Iran to oppose Saudi proposal to increase OPEC crude output

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The prospect of binding Russian Federation, the world's largest exporter after Saudi Arabia, more closely to Opec may help persuade Iran and Venezuela, another sceptic about the need for an increase, to back higher production in the second half of the year.

Experts like Michael Hewson, chief market analyst at CMC Markets U.K., note that the price of oil is high not only because of OPEC and Russia's agreement to limit output, but also because of Trump's policies, including a decision to reinstall sanctions on Iran.

The so-called OPEC+ group agreed a milestone deal to trim production from January 2017 by 1.8 million barrels a day to clear a global oil glut and shore up low prices.

The Organization of the Petroleum Exporting Countries (OPEC) will meet in Vienna next week to discuss potential reduction or revision to the 1.8 million barrels/day production cut put in place in early 2017.

So an OPEC deal to increase output could also influence the balance of power in the Middle East.

"There was a time when oil producing countries were playing a lead role".

But it's Iran and Venezuela-founding OPEC members and those most affected by US sanctions and unable to boost production-that are most vehemently opposing an increase in the cartel's production.

From outside, Trump is attacking the cartel on Twitter for artificially inflating prices and lobbying hard behind the scenes for a significant production increase.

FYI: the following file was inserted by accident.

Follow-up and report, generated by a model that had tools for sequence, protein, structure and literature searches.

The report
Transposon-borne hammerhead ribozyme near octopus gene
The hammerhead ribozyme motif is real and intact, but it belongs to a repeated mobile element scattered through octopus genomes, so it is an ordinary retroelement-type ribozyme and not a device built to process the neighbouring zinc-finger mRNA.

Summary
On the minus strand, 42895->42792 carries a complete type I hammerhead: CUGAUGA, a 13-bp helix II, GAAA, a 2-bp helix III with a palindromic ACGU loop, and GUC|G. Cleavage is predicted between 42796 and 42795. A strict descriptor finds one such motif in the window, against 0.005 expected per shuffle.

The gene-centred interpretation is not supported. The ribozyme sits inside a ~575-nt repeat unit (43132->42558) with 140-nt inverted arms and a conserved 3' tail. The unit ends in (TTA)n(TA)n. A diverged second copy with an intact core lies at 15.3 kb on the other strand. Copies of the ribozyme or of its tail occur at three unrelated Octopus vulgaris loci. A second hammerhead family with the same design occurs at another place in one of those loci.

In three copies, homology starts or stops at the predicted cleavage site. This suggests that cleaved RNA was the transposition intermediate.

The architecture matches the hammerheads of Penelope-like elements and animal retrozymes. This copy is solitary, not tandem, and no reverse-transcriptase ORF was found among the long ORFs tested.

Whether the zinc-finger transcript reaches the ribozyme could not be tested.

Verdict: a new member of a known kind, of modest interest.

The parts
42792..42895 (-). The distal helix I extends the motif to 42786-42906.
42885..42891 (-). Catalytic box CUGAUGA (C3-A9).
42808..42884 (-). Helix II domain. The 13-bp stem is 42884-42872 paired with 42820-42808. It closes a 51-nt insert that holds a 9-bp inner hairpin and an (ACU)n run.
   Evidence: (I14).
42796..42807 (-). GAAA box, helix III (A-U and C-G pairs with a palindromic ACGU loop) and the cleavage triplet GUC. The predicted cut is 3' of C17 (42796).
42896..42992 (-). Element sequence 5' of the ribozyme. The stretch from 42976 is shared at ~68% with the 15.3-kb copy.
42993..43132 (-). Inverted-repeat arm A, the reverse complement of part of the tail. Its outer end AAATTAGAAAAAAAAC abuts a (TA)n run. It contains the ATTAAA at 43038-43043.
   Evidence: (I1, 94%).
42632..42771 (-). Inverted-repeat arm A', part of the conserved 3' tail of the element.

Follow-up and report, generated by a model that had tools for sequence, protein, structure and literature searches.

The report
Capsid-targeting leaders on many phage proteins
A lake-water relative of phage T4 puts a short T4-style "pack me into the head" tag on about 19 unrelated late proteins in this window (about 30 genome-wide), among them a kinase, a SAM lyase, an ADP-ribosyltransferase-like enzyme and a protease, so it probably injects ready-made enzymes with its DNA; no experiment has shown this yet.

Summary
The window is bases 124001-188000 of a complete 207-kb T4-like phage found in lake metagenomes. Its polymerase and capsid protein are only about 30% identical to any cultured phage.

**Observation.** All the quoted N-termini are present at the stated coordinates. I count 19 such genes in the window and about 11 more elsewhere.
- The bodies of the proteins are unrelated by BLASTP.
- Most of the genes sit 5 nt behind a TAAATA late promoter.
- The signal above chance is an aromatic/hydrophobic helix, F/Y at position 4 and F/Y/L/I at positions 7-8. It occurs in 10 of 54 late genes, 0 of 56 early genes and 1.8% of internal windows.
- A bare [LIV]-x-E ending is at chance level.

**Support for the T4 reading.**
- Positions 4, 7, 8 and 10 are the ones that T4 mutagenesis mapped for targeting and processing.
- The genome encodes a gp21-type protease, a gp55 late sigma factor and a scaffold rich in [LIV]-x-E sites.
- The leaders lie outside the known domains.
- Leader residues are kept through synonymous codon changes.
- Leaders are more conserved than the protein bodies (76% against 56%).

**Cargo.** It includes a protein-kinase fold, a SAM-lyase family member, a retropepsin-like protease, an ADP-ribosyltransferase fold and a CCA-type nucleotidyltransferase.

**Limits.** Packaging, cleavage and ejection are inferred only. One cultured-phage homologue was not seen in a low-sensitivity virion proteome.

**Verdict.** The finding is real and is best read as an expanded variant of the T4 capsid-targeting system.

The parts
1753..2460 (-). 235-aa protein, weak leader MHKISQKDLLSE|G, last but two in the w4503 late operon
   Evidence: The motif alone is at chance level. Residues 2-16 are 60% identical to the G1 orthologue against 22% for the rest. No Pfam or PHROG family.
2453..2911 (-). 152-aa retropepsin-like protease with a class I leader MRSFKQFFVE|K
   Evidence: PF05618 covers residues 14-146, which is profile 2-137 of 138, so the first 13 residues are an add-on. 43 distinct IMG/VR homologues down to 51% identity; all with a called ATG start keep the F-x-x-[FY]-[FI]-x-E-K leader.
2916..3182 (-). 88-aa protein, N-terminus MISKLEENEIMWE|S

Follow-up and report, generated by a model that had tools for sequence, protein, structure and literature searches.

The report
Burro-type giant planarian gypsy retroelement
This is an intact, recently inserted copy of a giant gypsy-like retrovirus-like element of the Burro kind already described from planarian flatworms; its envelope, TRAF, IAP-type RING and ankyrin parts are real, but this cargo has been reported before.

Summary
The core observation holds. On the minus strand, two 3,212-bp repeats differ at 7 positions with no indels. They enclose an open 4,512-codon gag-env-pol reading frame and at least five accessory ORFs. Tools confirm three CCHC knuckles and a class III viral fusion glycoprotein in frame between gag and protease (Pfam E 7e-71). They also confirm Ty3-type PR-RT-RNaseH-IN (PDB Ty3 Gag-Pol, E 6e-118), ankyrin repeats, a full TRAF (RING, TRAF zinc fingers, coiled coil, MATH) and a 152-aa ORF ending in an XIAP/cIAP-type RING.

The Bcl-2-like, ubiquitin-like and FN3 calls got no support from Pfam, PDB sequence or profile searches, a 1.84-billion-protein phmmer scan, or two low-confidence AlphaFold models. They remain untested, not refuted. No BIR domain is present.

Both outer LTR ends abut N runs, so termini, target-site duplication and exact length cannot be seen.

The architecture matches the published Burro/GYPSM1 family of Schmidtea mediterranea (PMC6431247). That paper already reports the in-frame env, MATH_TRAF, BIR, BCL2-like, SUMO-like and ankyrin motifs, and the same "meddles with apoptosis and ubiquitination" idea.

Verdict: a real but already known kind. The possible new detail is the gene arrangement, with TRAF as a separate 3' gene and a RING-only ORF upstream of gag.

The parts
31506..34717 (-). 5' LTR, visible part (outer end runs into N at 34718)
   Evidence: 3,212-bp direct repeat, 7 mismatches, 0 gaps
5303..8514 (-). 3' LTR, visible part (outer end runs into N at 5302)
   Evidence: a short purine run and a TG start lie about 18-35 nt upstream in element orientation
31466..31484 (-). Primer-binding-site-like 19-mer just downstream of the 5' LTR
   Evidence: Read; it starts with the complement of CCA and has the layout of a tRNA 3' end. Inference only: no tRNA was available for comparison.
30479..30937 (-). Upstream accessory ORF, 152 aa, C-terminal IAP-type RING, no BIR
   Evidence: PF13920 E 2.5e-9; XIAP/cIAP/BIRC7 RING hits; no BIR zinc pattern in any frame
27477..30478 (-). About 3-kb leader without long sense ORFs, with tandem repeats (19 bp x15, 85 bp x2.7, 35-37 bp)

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U.S. West Texas Intermediate and international-benchmark Brent crude oil posted a volatile session on Monday as investors positioned themselves ahead of the OPEC meeting in Vienna on June 22-23. Trump complained at least twice, on 20 April, and then again on 13 June, about oil prices.

Resistance is being led by Iran, deeply wary of any move by regional rival Saudi Arabia that could push down oil prices at a time when Tehran faces renewed sanctions following US President Donald Trump's decision to quit its global nuclear deal, which is likely to send the country's oil exports plummeting. These numbers suggest that USA and handful of other non-OPEC countries will more than meet global demand. It appears that OPEC could increase production, and if they do that will bring a lot more supply onto the marketplace. A dip in oil prices over this last week suggest that the market is factoring in a likely rise in production levels.

Tankers waiting to load more than 24 million barrels of crude, nearly as much as state producer PDVSA shipped in April, are sitting off the Opec member's main oil port.

China said Friday it would retaliate by slapping duties on several American commodities, including oil.

Iran, the world's third largest crude producer, has reportedly said that Venezuela and Iraq will join it in blocking a Saudi/Russia proposal to raise oil production.

Two OPEC sources told Reuters that even Saudi Arabia's Gulf allies Kuwait and Oman were against big, immediate increases in output.

Whether they can convince those producers whose output is falling to accept an outcome where prices are lower than they might otherwise have been could have implications for not just near-term oil prices but the stability and effectiveness of OPEC in future.

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